My response? I say, "They don't know cheap." I'm old. I'm in my 60s. I can recall when cars really had cheap interiors. I believe it was a Renault 4 my friend Kathy drove in the '60s that had front seats made of canvas suspended from steel-tube frames. Now, that was cheap! (But that car was also cool, as was Kathy.)

That said, the Jetta interior is on the simple side and to me that's good. The Honda Civic was on my list of potential cars, as was the Ford Fiesta and Ford Focus.

Ford Fiesta interior
All got bounced for a number of reasons. One reason common to all was the look of the interiors and the complex stack of controls rising from the centre console. Lots of buttons and often lots of faux matte aluminum-looking surfaces. And lots of confusion for an old geezer.

One note: My nephew, an architect, bought a Fiesta. He loves it. He finds it a wonderful subcompact hitting well above its weight class. Clearly, one man's confusion is another's delight. Don't write off any car because of a reviewer's opinion. Go to the dealership and take a look for yourself. Go for a test drive.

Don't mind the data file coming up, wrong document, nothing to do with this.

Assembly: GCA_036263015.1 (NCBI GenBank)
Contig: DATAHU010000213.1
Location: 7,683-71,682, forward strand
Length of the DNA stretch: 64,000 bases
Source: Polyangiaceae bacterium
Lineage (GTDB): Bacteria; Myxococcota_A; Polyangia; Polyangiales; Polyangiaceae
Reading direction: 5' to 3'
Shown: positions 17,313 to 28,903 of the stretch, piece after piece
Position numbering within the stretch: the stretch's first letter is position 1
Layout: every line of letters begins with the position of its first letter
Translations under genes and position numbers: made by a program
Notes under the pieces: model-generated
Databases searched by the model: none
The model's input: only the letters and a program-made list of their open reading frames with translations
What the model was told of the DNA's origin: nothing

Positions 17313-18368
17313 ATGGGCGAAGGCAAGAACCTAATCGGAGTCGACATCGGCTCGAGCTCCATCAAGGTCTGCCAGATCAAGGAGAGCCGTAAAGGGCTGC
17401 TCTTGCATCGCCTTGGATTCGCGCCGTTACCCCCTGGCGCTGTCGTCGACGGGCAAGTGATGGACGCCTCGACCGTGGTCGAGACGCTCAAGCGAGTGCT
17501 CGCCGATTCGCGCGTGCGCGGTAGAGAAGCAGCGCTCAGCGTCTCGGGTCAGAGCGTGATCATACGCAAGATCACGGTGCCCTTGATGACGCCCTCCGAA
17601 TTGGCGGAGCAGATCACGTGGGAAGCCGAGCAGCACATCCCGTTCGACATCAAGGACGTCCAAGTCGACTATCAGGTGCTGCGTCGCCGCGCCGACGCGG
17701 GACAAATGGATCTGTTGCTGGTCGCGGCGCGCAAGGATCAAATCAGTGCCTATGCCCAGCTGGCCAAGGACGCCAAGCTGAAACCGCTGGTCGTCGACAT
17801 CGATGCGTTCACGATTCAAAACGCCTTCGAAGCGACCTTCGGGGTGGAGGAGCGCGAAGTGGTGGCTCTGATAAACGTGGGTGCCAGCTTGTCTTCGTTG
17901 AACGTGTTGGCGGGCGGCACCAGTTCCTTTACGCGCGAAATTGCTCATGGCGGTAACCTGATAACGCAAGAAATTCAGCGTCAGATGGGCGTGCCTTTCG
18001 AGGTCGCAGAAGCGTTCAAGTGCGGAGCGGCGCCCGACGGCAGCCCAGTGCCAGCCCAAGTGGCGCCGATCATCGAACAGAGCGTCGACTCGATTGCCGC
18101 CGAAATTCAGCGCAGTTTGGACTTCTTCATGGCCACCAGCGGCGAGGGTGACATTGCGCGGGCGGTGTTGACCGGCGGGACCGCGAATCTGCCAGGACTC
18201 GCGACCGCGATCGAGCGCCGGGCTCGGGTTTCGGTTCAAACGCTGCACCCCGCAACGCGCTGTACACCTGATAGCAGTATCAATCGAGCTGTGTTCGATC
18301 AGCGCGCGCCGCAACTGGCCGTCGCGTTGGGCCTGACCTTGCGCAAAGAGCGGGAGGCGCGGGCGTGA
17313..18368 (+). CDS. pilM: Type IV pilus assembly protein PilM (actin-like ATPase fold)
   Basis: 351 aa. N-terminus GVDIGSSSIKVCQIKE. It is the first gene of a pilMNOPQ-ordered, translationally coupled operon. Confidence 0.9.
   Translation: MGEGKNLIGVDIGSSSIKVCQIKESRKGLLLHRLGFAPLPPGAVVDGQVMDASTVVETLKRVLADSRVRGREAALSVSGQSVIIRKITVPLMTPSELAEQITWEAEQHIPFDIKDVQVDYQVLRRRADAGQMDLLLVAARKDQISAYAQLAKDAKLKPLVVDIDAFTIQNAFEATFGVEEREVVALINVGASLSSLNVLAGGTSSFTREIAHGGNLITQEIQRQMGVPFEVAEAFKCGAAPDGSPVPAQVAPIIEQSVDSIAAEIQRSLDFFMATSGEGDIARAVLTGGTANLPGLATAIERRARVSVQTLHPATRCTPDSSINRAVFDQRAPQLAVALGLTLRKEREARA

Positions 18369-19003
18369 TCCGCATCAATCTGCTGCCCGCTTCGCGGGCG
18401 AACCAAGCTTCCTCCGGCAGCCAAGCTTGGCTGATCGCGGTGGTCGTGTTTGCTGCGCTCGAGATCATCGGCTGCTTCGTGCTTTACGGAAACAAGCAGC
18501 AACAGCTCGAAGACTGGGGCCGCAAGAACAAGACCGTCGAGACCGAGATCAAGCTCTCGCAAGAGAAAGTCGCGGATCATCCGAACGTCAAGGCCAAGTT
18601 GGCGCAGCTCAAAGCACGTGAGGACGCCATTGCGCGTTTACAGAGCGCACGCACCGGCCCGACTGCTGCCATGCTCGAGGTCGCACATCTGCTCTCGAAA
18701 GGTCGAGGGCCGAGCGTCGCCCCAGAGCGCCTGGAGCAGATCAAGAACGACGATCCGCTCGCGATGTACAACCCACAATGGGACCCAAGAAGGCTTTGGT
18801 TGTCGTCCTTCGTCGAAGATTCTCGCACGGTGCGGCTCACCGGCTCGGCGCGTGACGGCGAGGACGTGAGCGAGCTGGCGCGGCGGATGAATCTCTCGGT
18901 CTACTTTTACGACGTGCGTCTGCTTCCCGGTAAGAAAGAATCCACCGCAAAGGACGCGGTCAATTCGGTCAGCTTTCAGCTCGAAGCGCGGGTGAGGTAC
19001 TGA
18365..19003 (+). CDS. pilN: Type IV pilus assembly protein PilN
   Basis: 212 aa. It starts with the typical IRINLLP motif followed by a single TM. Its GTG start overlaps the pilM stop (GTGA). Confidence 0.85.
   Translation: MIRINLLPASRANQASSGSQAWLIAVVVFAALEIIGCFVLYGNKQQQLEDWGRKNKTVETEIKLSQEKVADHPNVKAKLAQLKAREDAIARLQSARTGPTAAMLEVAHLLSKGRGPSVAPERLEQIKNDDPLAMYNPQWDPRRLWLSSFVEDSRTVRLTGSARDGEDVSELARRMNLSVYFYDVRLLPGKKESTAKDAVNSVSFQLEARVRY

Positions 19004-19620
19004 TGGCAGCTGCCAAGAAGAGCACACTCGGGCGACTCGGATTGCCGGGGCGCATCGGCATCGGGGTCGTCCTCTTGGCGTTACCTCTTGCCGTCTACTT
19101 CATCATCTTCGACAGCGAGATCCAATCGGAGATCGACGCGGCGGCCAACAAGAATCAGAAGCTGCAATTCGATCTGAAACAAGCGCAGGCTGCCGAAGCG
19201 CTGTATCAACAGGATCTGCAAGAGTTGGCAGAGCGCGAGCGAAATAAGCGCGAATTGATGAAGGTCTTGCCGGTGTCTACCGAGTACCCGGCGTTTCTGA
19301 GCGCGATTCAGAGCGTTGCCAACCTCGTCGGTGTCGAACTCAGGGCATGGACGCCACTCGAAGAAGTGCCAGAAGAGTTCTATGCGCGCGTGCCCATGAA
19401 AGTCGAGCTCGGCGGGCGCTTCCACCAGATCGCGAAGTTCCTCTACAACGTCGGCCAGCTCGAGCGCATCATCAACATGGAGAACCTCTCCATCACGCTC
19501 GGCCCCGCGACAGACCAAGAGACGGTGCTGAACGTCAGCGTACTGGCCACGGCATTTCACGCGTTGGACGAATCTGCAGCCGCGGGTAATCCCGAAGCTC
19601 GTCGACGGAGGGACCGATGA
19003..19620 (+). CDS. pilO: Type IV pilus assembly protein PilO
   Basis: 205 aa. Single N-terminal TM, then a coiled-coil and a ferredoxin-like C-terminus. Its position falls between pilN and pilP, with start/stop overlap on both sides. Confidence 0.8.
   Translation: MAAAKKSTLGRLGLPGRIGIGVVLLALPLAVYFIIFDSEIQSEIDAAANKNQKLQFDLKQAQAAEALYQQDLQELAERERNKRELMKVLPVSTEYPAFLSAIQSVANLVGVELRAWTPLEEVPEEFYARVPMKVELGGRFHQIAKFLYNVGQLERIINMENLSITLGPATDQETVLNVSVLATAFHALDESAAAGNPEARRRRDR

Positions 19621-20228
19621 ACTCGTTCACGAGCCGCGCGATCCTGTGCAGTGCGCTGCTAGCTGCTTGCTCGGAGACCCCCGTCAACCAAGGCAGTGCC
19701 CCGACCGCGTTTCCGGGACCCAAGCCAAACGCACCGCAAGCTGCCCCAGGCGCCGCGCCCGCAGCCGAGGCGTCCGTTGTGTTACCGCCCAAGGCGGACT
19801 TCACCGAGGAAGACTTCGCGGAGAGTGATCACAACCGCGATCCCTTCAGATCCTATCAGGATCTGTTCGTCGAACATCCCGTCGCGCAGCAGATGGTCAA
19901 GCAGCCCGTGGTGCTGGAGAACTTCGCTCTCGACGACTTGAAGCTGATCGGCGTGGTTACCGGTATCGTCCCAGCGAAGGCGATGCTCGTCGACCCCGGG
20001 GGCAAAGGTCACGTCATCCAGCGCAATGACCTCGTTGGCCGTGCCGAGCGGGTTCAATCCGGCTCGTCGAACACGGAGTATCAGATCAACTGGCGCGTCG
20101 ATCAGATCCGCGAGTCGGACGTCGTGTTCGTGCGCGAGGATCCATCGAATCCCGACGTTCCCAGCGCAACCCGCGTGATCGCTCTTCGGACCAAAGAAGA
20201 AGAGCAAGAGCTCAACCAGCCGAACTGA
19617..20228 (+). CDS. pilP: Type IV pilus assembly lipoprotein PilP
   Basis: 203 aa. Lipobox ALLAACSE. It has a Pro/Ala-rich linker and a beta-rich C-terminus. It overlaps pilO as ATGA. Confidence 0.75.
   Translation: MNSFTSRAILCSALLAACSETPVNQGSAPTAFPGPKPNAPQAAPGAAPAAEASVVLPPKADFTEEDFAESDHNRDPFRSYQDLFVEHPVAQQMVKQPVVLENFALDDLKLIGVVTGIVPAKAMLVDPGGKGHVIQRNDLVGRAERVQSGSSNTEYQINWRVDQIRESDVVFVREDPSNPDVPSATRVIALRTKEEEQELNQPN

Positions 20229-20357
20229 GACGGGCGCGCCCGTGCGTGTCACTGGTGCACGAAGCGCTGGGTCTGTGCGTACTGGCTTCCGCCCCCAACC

VW dash layout is simple and executed in hard, black plastic.
We also considered the Prius and the Lexus hybrid. I liked the look of the Prius but my wife didn't. The Lexus hybrid was out too, out of stock, with no new cars expected for 60 to 90 days. All the problems in Japan at the time slowed deliveries of the fuel sipping luxury car.

Plus, both my wife and I were leery of the batteries in those hybrid cars. I have had bad luck with rechargeable batteries in cameras, computer notebooks and toys. Rechargeable batteries are not a selling point with me. Time may prove me wrong. We'll see.